2/2012, In English, Opiskelijat, Puheenvuoro

Finnish Perspectives from the European Level

The European Students’ Union (ESU) is the umbrella organisation of 47 National Unions of Students (NUS) from 38 countries. SAMOK (The Union of Students in Finnish Universities of Applied Sciences) and SYL (The National Union of University Students in Finland) are members of ESU from Finland, representing the interests of Finnish students in ESU.

In April I was elected the vice-chairperson of ESU for the upcoming year 2012-2013, being the first Finnish student from a University of Applied Sciences to be in the presidency of ESU. I will not only represent Finnish students but students from the 38 countries where ESU has members.

My story of how I got involved in ESU starts in METKA, the student union of Metropolia UAS, where in 2009 I was a member of the executive committee. I was a first year student in Metropolia, studying Social Services. The following year in 2010, I worked on international affairs in the executive committee of SAMOK, representing Finnish students in universities of applied sciences in ESU. After my mandate finished in SAMOK, I got involved in ESU as a member of the social affairs committee for the year 2011.

The aim of ESU is to represent and promote the educational, social, economic and cultural interests of students at the European level towards all relevant bodies and in particular the European Union, Bologna Follow Up Group, Council of Europe and UNESCO. Through its members, ESU represents over 11 million students in Europe. ESU is run by students, whom come from all over Europe. The headquarters are in Brussels, Belgium, where the staff and presidency of ESU work full-time. The presidency consists of the chairperson and two vice-chairpersons. I look forward to moving to Brussels and starting my mandate in July with great enthusiasm. Europe is faced with many challenges due to the economic crisis, with higher education taking big hits through the budget cuts and rising tuition fees all over Europe.

Imagine having to pay a 1000€ more from one year to another as the tuition fees rise or having to pay an extra 600€ for failing an exam. This is what is happening in Spain. In Portugal, students are forced to leave their studies due to the student support being cut. In Hungary, the government recently passed a law which binds state-funded students to work a certain number of years in Hungary after graduation, restricting the free movement of people. In addition the number of student support is being cut dramatically. While all of these changes are taking place, in April ministers of higher education gathered in Bucharest for the 8th Ministerial Conference of the Bologna Process to set priorities for the next three years.

One priority laid down in the Bucharest Ministerial Communiqué aims to “Strengthen policies of widening overall access and raising completion rates, including measures targeting the increased participation of underrepresented groups.” The actions of the governments in the three examples given previously work clearly in the opposite direction of what the ministers promise to work towards in the upcoming years, as cutting student support and raising tuition fees affects the students from lower socio- economic backgrounds first and foremost. The near-sightedness of governments and higher education systems now will end up causing more damage to the society in the long run, as having highly educated professionals are the basis of economic growth.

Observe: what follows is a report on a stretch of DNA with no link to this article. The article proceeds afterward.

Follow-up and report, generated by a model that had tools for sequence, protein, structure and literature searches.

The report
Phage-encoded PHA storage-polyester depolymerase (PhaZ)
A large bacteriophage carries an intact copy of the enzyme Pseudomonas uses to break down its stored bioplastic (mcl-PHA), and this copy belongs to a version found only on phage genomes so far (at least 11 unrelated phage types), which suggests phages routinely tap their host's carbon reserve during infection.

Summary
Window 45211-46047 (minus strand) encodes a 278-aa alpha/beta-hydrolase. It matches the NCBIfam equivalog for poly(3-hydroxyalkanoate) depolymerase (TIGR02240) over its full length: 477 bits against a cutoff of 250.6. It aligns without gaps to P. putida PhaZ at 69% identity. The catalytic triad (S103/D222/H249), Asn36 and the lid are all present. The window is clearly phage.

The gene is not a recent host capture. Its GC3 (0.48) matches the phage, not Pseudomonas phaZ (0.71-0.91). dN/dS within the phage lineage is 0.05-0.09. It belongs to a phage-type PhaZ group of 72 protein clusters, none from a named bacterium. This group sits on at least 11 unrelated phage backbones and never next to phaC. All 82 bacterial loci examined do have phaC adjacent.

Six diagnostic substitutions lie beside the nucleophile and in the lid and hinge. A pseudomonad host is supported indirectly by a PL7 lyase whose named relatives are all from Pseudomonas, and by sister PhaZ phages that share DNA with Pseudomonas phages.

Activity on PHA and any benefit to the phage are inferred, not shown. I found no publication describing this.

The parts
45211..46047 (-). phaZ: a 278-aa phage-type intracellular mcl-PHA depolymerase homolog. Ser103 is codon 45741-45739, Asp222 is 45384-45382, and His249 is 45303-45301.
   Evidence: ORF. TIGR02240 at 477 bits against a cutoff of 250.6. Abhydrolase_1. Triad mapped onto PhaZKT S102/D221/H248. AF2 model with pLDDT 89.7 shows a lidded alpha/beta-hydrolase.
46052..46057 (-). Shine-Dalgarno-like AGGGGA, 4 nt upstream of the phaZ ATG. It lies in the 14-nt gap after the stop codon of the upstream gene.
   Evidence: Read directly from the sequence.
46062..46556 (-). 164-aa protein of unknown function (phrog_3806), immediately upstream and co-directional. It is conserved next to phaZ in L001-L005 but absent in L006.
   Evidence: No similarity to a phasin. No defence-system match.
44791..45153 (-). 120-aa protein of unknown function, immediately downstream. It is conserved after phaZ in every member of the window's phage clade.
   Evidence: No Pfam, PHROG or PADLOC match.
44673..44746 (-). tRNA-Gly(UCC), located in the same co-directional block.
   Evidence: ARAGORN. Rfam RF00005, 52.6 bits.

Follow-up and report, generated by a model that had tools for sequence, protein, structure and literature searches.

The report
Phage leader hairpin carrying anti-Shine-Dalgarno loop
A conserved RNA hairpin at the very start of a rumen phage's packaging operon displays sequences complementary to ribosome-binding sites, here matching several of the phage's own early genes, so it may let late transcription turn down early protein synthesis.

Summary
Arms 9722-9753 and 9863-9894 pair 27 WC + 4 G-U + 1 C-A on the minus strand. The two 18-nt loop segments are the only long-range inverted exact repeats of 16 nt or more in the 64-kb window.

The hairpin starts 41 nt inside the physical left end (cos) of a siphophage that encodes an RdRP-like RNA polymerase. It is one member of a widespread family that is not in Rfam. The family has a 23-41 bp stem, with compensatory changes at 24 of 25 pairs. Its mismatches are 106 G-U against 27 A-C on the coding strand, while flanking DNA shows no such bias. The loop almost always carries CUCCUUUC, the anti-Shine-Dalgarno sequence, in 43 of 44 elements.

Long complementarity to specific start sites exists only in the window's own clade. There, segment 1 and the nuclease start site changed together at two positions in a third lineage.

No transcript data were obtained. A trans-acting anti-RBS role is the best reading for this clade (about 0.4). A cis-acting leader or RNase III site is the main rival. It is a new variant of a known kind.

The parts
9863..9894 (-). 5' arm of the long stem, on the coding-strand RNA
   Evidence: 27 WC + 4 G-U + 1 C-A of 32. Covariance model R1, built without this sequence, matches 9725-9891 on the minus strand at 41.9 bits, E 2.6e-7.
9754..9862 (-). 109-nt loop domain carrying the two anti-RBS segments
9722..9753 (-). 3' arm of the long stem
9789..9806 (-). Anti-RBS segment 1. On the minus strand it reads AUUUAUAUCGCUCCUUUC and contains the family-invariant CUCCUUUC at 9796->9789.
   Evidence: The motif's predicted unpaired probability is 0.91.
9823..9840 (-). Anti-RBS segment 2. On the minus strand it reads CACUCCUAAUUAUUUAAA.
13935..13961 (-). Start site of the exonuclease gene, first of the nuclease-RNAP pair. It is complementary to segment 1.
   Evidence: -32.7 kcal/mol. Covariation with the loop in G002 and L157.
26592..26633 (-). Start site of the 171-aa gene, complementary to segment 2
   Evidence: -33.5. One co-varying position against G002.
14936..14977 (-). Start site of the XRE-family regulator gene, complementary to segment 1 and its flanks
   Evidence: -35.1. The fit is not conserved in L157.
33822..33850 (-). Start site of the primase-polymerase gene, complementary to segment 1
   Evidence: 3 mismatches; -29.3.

Even if it seems that some countries have more work to do to reach the targets of the Bologna Process, they are equally valid and need further work from governments and higher education institutions in all of the Bologna Process countries.  In Finland we may have a universal student support system, providing student grants for everyone despite their socio-economic status, but still have groups that are underrepresented in higher education. Some measures are for example being taken to increase the entry levels of immigrants to higher education, especially to universities of applied sciences, but they are still a largely underrepresented group in Finnish higher education institutions.

Ensuring and safeguarding a system where students are not penalized and end up paying 600€ when faced with a difficult subject or where students do not have to drop out due to not being supported, goes a long way. Student representation and doing what I will be doing for the next year would become nearly impossible as I still have some studies left to finish. We have the luxury of taking a year off our studies to work for a better tomorrow of fellow students and engage in civil society activities, which support the personal and professional growth of an individual, allowing one to gain more perspective into their studies as well as future work life. I am lucky to have this opportunity and as the vice-chairperson of the European Students’ Union I will work to try and make this a reality for as many students as possible in Europe.

For more information on the European Students’ Union: www.esu-online.org


Taina Moisander, taina.moisander@gmail.com

The writer was recently elected the vice-chairperson of ESU for the upcoming year 2012 – 2013. Moisander ist the first Finnish student from a University of Applied Sciences to be in the presidency of ESU.

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